I’ll let you readers into a secret. Any time we were looking for more audience for IrishCentral, we put up an article on Maureen O’Hara.
She was miles and away our greatest traffic draw. People just didn’t love her, they adored her and all that she stood for.
She represented the best of the Irish, the feisty emigrant who turned the film world upside down and who worked harder and longer than anyone to stay on top.
As to The Quiet Man it is enormously pleasing to know she departed this earth with the strains of her theme song “Innisfree” in her ears. That first moment when she enters the movie is among the greatest in cinema and she and John Wayne represented a world and life long gone by but we reimagined it all again in their presence.
Wayne counted her as the only female in his closest group of friends. She considered it a great compliment and rightly so. She was beautiful but she was nobody’s little colleen.
The shy little girl from Dublin soared to the top of Hollywood and last year, thankfully just in time her contribution was acknowledged by an honorary Oscar.
Ni Fheicimid a Leitheid Aris
“We will never see her likes again."
Here from the annals of our sister publication Irish America is a brilliant interview that editor Patricia Harty did with O'Hara before we announced her as Irish American of the year in 2004.
For a more recent interview with O'Hara, check out Harty's lively Q&A with the late star from the beginning of this year.
By Patricia Harty, Editor-in-Chief
Patricia Harty talks to the Hollywood legend about her life and her new book, ’Tis Herself.
“Being an Irish Woman means many things to me. An Irish Woman is strong and feisty. She has guts and stands up for what she believes in. She believes she is the best at whatever she does and proceeds through life with that knowledge. She can face any hazard that life throws her way and stay with it until she wins. She is loyal to her kinsmen and accepting of others. She’s not above a sock in the jaw if you have it coming. She is only on her knees before God. Yes, I am most definitely an Irish Woman.”– Maureen O’Hara, from ’Tis Herself
Maureen O’Hara is in fine fettle despite having a slight cold. It’s the day after St. Patrick’s Day and she’s ensconced in a suite at the New York Athletic Club. This bastion of maleness—the NY AC has only allowed women members since the late ’70’s—is exactly where you would expect to find O’Hara, who at 83 has lost none of her feistiness.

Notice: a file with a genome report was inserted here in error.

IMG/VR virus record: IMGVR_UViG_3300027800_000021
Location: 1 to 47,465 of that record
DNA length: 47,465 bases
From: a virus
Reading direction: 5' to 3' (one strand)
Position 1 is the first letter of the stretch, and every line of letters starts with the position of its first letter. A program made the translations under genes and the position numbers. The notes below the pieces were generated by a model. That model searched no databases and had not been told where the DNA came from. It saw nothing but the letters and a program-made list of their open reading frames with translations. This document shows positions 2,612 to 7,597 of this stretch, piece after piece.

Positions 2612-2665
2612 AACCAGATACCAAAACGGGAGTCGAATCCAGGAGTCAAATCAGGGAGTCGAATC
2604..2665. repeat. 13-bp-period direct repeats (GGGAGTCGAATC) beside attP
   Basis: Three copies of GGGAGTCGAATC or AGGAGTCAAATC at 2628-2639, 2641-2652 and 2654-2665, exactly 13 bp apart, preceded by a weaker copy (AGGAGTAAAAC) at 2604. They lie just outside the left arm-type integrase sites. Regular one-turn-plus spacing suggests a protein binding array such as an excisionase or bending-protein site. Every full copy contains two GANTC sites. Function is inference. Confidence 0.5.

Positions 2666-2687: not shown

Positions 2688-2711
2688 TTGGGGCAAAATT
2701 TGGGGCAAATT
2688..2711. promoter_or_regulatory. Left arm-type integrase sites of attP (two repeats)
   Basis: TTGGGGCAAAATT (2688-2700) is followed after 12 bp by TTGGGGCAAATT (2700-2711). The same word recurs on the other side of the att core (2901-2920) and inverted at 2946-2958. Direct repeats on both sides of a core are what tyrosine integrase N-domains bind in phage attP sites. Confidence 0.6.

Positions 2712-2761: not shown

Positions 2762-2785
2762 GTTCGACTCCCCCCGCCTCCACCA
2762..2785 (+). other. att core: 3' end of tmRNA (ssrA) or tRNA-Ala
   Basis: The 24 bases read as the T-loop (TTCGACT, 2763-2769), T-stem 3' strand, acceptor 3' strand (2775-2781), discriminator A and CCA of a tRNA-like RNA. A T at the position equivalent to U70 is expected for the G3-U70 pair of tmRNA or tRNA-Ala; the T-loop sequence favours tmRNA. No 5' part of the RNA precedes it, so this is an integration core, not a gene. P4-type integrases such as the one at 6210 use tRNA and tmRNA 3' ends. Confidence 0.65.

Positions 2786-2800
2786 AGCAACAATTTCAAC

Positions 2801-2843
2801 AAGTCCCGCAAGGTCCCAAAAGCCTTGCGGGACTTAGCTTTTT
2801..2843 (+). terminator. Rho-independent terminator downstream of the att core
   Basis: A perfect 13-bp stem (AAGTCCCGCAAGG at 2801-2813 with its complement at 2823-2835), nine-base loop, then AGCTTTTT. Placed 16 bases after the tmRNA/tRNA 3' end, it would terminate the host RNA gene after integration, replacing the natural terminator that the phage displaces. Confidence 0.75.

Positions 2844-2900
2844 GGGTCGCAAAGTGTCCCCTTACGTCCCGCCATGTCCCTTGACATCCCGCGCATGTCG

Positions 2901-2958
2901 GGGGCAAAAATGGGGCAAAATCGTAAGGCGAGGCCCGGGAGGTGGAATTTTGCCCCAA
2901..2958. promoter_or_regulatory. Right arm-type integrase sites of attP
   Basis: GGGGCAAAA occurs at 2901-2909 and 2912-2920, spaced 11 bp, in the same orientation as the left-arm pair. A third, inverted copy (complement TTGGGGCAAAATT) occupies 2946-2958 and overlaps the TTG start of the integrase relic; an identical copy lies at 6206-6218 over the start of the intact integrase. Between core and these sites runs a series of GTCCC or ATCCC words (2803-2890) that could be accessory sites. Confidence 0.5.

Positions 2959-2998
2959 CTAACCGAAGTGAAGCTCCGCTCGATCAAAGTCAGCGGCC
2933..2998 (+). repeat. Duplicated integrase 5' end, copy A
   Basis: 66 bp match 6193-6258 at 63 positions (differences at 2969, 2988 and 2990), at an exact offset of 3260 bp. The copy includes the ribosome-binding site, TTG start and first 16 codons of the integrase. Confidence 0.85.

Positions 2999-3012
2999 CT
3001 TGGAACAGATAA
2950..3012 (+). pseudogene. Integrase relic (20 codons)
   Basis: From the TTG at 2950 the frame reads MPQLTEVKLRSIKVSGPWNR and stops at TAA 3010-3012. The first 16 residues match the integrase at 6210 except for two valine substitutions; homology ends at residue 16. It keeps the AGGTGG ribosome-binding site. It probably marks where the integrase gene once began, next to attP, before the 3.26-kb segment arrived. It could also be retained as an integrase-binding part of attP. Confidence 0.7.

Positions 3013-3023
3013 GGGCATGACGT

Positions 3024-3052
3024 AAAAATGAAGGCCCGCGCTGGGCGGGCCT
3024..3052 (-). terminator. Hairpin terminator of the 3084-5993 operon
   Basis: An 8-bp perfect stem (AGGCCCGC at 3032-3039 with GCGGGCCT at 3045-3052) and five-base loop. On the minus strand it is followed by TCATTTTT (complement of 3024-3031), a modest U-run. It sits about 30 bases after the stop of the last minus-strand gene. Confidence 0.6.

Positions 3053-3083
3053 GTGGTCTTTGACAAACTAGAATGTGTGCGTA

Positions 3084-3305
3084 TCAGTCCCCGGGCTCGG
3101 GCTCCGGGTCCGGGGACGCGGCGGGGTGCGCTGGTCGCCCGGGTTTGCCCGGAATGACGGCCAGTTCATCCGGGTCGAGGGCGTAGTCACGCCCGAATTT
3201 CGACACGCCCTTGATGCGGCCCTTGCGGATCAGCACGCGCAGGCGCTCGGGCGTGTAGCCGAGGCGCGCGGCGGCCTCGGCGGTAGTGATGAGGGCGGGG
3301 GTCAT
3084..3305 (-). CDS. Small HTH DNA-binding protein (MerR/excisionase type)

Known for her remarkable beauty and her fiery screen persona, O’Hara, the star of 60 movies, came to Hollywood when she was still a teenager, and almost immediately, as she reveals in her new autobiography, ‘Tis Herself, she clashed with the men who ran the movie business. In her own words, “I acted, punched, swashbuckled, and shot my way through an absurdly masculine profession…. As a woman, I’m proud to say that I stood toe-to-toe with the best of them.”
Born Maureen FitzSimons in County Dublin in 1920, one of six children, O’Hara began acting at age six with the encouragement of her parents. Her father was a football player, her mother an actress and singer. At 16 she joined the famed Abbey Players, and was discovered shortly thereafter by the actor Charles Laughton who took her to London and changed her name to O’ Hara.
Soon after O'Hara's arrival in Hollywood she was “sold” to RKO. With little choice over the movies she made, she admits that she made three duds with RKO. She fought against, but did not always succeed, being cast as the pretty female. “Hollywood would never allow my talent to triumph over my face,” is one of the bon mots she offers in ‘Tis Herself.
It was director John Ford who gave her a chance to prove herself a great actress. Their first movie together, How Green Was My Valley, won a total of five Academy Awards, including Best Picture. In all she made five movies with Ford, who used her as his muse for The Quiet Man. She is remarkably frank in ‘Tis Herself, about her relationship with the brilliant but troubled director, and with John Wayne, who found in O’Hara not just the ideal leading lady but a pal. In fact, he called her “the greatest guy.”